Hundreds of thousands of our countrymen live in the U.S. today as civilized citizens, humble but free, thanks to the Cuban Adjustment Act, whether they belong or not within the group persecuted by the regime, another assessment that seems to greatly matter to politicians, but seems not to have much value when it comes to evaluating the population of a country that, as a whole, is victim and hostage of politics.

Doesn’t stripping that law of its eminently humanitarian character, thus reducing it to a mere political instrument turn it into something as wrong as those who allege that it should not benefit Cubans exclusively, forgetting that in Latin-America, and perhaps even worldwide there isn’t another country with a dictatorship as iron-clad, impoverishing, cruel and long as that of Cuba?

Luis Cino’s Opinion

The Cuban Adjustment Act, passed in 1966 to regulate admission to the United States for those fleeing the Castro regime in a sense has been overtaken by the modification of the Cuban emigration laws. Since many Cubans living in the U.S. abuse the law, it would have to be re-evaluated and modified, but not eliminated.

LEY-cola-embajada-usa-habana-300x228The elimination of the law, which the Castro regime has branded as “murderous” would be to treat the regime to a victory. It would serve as its version of “those who leave Cuba do so for economic, not political reasons, just like emigrants from any other third world country.”

As long as the dictatorship exists, there will be Cubans who will try to flee. The elimination of the Cuban Adjustment Act would leave no hope for those who don’t have the means to leave legally, or to qualify for the program of 20,000 annual visas for Cubans that the US has had in existence since 1994.

We should also review the “wet-foot dry-foot” policy and reformulate the policies of the Refugee Department of SINA [U.S. Interest Section] which is used by many as a springboard to leave the country, contributing to demoralizing and draining the opposition.

Translated by Norma Whiting

From Cubanet, 22 October 2013

The Literature Ernesto Guevara Saved Us From / Luis Cino Alvarez

50797_trnsFeaturedHAVANA, Cuba, October, www.cubanet.org – Che Guevara used to say that the history of the Cuban Revolution shouldn’t be written by others who were not its protagonists. The writers, whom he didn’t consider revolutionary enough, did not inspire confidence in this task.

In fact, he himself, who did not lack a literary vocation and talent, was the first who ventured a narrative. Reminiscences of the Revolutionary War was good effort to start writing the story of the Castro insurrection, from the Sierra Maestra to the taking of Santa Clara.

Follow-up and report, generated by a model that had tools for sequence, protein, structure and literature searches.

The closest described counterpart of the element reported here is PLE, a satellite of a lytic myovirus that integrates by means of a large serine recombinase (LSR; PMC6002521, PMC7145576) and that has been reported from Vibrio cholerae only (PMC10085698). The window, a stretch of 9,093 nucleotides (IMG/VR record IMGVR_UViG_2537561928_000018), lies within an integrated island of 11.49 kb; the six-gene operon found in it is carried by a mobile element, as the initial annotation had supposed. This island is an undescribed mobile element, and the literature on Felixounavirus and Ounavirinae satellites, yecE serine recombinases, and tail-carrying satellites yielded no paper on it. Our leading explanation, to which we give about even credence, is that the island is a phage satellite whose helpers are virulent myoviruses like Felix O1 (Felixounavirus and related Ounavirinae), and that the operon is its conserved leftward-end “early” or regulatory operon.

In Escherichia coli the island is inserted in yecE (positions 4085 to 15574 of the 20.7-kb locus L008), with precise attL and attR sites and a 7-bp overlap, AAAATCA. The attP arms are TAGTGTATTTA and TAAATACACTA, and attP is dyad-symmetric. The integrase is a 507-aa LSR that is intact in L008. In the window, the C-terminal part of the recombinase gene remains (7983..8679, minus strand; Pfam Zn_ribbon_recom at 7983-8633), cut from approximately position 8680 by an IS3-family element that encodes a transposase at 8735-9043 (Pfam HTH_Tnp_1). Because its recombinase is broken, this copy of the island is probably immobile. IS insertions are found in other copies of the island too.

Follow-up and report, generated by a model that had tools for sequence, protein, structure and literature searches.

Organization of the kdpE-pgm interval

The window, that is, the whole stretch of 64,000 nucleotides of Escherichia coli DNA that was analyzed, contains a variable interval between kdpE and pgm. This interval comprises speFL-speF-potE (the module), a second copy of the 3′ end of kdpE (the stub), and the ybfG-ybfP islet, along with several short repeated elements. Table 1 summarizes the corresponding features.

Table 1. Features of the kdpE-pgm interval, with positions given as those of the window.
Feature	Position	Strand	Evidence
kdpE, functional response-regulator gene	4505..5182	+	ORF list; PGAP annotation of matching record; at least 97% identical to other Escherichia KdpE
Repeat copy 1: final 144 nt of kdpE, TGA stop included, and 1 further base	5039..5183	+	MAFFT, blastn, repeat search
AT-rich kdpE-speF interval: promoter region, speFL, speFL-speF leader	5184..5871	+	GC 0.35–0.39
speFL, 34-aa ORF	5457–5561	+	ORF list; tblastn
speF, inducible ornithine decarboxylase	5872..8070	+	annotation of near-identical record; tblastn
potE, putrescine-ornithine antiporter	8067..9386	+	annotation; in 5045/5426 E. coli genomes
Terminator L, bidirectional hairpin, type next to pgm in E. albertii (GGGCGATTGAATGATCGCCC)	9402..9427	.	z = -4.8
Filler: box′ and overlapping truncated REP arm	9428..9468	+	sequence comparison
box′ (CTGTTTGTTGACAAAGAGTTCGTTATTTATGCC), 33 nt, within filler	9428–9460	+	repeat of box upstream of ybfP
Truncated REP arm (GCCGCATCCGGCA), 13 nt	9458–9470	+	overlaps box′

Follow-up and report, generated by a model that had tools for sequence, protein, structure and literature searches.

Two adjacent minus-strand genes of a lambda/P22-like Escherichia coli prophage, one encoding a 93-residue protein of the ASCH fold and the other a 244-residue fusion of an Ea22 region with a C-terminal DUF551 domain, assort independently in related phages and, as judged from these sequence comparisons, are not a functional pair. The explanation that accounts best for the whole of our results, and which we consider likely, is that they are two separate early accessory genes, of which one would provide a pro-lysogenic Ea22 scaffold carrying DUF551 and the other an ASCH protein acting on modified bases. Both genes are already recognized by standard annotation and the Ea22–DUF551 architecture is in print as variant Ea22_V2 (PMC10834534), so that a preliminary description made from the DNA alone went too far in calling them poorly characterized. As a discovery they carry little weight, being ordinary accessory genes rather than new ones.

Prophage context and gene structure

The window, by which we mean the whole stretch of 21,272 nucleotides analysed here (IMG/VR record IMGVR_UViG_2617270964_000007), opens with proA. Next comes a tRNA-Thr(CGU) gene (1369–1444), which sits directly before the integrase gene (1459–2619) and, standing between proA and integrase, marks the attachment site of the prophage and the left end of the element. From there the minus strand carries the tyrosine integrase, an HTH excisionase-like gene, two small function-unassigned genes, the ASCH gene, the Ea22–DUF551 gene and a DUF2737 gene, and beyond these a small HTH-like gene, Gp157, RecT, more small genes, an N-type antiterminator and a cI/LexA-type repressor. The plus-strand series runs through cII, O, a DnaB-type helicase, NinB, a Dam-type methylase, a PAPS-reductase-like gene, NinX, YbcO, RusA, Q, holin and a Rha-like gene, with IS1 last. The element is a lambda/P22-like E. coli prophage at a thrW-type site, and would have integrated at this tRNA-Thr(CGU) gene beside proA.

In any case, although fragmented and incomplete, the result was much better when Guevara wanted to give expression to his military thinking in Guerrilla Warfare, which was  a diffuse manual of insurgency tactic and strategy.

A few years later the Frenchman Regis Debray attempted what Guevara hadn’t achieved: to establish guerrilla theory. But Debray himself, after the publication of Revolution in the Revolution?, acknowledged that failure of his theories. It wasn’t easy to theorize about the fortuitous and almost providential events of the Cuban Revolution. The Castro insurrection, with disasters such as the attack on the Moncada Barracks and the shipwreck at the landing of the yacht Granma, could be dramatic examples of what a guerrilla movement should never do unless it aspires to suicide. Not all guerrillas have the luck of facing barely professional troops,corrupts and demoralized as was the army of the dictator Batista. Che Guevara’s disasters in the Congo and Bolivia tragically demonstrated this.

Nor did Che Guevara manage to clearly define his social and economic thinking in a book. Man and Socialism in Cuba is frightening in its immoderate and super-human statist idealism. With regards to the economy, for years the economists who are trying to ensure the survival of the Castro regime have unsuccessfully tried to work Che Guevara’s ambiguous and contradictory concepts into a body of practical and coherent ideas applicable to the Cuban situation.

Guevara considered socialist economic planning banal. “Without Communist morality, it doesn’t interest me at all,” he confessed to the French journalist Jean Daniel in 1963.

Today, Guevara’s thesis of creating two, three, many Vietnams… would be counterproductive to the reinvention of socialism, but with a market economy.

Che Guevara saved us the horror by not writing about his time as an executor of the Revolutionary terror in the La Cabaña Fort in the first months of 1959. It’s terrifying to imagine what his narrative may have been. The murdered puppy gives us an idea. The only account he wrote is impeccable, but very cruel. Bringing to mind the call to Revolutionary fighters to become, according to his own words, “cold killing machines.”

By Luis Cino Alvarez

From Cubanet, 7 October 2013